Past Events

Contributors to a new book of essays written by the descendants of Jews who were deprived of their German citizenship by the Nazis will discuss their stories of returning to Germany and reclaiming German citizenship.

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Our dinner is nearly fully subscribed, but a limited number of tickets are still available. Please call (212) 744-6400 ext. 4 to reserve. This year, LBI will present the Leo Baeck Medal for the first time to a couple who have used their positions and their expertise in diplomacy and journalism respectively to make lasting…

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Raphael Gross discusses the reception and representation of Anne Frank’s diaries, placing them in the framework of a more comparative European cultural, intellectual, literary and political history.

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Please note that this event has been rescheduled from the original date of November 12, published in the CJH September/October Program brochure. On December 2, 1938, just weeks after Kristallnacht, the first group of unaccompanied Jewish refugee children arrived in the United Kingdom. LBI and Yeshiva University Museum launch an exhibition exploring this remarkable effort…

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LBI remembers the events of November 9, 1938, when state-sponsored gangs destroyed Jewish homes, synagogues, and businesses. With historian Marion Kaplan, the premiere of a short documentary featuring living eyewitnesses who live in New York City, and a musical performance.

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In the first of a lecture series sponsored by civic activists Dr. Barbaralee Diamonstein-Spielvogel and her husband, Ambassador Carl Spielvogel, the distinguished journalist Bill Moyers will reflect on Jewish history and the Jewish and other values that can inform the struggle for a just and fair society during this crucial and tumultuous moment in history.

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Rob Snyder, author of the book Crossing Broadway, Washington Heights and the Promise of New York City, leads a walking tour and panel discussion in the northern Manhattan neighborhood once known as “Frankfurt on the Hudson” for its large population of German-Jewish refugees. Eight decades later, the neighborhood is still a vibrant home for new immigrant communities.

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Director Aaron Wolf’s personal journey of rediscovery comes alive in Restoring Tomorrow, the story of how the treasured Wilshire Boulevard Temple in Los Angeles was saved from demise by a community’s determination.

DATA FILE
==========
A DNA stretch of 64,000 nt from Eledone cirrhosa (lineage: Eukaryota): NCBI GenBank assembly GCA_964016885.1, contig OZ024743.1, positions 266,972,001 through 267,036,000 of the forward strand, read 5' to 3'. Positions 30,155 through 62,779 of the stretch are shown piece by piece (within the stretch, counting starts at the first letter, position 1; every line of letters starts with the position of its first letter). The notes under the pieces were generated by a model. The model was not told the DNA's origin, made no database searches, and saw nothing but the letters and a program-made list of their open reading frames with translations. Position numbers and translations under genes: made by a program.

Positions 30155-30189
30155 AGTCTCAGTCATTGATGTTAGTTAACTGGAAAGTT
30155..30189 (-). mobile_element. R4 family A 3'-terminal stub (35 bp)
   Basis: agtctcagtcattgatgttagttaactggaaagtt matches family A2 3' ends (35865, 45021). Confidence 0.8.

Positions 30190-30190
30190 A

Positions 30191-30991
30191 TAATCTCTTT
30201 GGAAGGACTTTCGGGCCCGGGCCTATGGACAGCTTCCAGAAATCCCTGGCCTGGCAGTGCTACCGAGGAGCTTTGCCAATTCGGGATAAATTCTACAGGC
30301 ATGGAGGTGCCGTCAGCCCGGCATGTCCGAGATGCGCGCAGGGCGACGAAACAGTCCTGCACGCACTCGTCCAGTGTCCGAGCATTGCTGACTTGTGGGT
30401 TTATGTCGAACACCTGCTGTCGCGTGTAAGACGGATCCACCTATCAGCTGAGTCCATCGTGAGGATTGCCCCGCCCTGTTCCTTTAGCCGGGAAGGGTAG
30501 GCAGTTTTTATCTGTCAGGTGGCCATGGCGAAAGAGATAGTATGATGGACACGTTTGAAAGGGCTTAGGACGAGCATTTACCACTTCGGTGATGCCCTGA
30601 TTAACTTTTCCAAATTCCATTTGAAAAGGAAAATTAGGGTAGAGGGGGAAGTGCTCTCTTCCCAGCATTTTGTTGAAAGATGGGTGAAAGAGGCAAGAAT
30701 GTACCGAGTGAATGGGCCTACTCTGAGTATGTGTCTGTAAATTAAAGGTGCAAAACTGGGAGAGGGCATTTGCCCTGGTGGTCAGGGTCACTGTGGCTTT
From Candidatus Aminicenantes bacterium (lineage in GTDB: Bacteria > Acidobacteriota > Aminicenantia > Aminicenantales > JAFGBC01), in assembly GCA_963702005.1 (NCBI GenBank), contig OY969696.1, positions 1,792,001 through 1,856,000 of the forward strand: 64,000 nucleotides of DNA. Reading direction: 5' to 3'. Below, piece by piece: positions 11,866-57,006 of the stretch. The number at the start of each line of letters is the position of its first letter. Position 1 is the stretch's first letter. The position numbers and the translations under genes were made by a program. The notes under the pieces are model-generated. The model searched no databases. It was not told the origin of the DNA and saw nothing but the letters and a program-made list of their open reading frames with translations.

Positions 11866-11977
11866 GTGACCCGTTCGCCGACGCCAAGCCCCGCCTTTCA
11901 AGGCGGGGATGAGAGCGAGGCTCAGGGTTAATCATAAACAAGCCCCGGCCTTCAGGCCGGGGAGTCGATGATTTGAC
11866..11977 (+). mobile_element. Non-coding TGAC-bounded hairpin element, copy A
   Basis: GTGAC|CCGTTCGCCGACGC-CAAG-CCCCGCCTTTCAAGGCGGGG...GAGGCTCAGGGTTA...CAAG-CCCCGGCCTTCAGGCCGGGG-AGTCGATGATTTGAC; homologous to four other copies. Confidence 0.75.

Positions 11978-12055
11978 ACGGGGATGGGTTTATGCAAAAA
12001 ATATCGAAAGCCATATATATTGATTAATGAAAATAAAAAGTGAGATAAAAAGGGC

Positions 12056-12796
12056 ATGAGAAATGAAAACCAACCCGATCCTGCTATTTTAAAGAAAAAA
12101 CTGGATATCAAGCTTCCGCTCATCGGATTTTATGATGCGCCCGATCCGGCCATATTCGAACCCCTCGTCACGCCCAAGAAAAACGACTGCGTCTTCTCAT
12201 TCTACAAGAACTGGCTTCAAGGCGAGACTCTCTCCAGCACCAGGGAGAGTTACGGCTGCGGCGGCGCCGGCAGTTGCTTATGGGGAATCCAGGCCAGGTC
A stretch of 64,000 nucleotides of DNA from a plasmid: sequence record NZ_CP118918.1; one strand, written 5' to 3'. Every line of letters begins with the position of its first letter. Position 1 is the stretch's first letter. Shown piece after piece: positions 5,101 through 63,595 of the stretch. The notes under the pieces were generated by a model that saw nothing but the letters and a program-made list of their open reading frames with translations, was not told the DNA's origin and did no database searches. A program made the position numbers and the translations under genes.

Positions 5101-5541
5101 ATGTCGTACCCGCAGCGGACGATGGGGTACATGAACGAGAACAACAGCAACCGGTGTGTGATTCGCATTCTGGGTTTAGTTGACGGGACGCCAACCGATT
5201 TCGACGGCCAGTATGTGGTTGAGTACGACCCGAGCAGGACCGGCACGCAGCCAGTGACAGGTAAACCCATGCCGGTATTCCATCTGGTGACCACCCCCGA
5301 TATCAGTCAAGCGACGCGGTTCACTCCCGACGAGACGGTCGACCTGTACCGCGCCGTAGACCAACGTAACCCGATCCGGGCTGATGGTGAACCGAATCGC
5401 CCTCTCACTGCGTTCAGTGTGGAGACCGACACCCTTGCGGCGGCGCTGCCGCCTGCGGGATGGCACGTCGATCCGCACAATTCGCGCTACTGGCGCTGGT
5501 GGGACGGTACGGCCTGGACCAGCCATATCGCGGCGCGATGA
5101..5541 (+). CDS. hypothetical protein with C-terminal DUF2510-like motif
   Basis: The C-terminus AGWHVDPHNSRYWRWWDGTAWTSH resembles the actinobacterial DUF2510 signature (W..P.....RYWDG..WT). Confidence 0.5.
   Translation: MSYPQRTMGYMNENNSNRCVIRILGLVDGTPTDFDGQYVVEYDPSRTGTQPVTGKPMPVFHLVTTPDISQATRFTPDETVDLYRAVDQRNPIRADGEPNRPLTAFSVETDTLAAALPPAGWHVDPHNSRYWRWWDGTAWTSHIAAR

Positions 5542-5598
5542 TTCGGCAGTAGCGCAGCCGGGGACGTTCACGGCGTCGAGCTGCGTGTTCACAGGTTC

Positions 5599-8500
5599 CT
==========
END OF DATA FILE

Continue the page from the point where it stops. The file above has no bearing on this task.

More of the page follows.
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The German-Jewish family that built Macy’s into an iconic retailer also left an indelible legacy in American politics and society. After a morning walking tour of Union Square and a pop-up exhibition of artifacts from Macy’s, the Titanic, and more, a panel including Hasia Diner (NYU) and Rabbi Joanna Samuels (Educational Alliance) will discuss the Straus family’s journey from peddlers to public servants and philanthropists.

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Enjoy a storied stroll along Ladies Mile, a nine-block stretch once known for posh department stores and architectural grandeur. Join Esther Crain, writer of the award-winning Ephemeral New York blog and author of The Gilded Age in New York, 1870-1910, as she weaves in Jewish stories and Gilded Age tales about the people and places that once populated these historic blocks.

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Eugene Drucker, a founding member of the Emerson String Quartet, performs works for solo violin by J.S. Bach and other composers interspersed with readings from his novel, The Savior, based partly on his father’s experiences as a musician in Nazi Germany.

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In her new book, Kerry Wallach examines the politics of Jewish identity in Weimar Germany and the ways in which Jews concealed or revealed their identities. With moderator Noah Isenberg (The New School) she will explore facets of Jewish visibility reflected in the new German television series, Babylon Berlin.

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Elliot R. Wolfson and Shaul Magid speak about Wolfson’s highly anticipated new book, The Duplicity of Philosophy’s Shadow: Heidegger, Nazism, and the Jewish Other. In spite of Heidegger’s explicit antisemitic statements, Wolfson reveals some crucial aspects of his thinking that betray an affinity with dimensions of Jewish thought.

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Rudolf Klein, professor of modern architectural history at Szent István University, Budapest, will give a talk on his new book, Synagogues in Hungary, 1867–1918 (Central European University Press, 2017).

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Historian Michael Brenner (American/University of Munich) will discuss contemporary Jewish life in Germany on the occasion of the English-language publication of A History of Jews in Germany since 1945.

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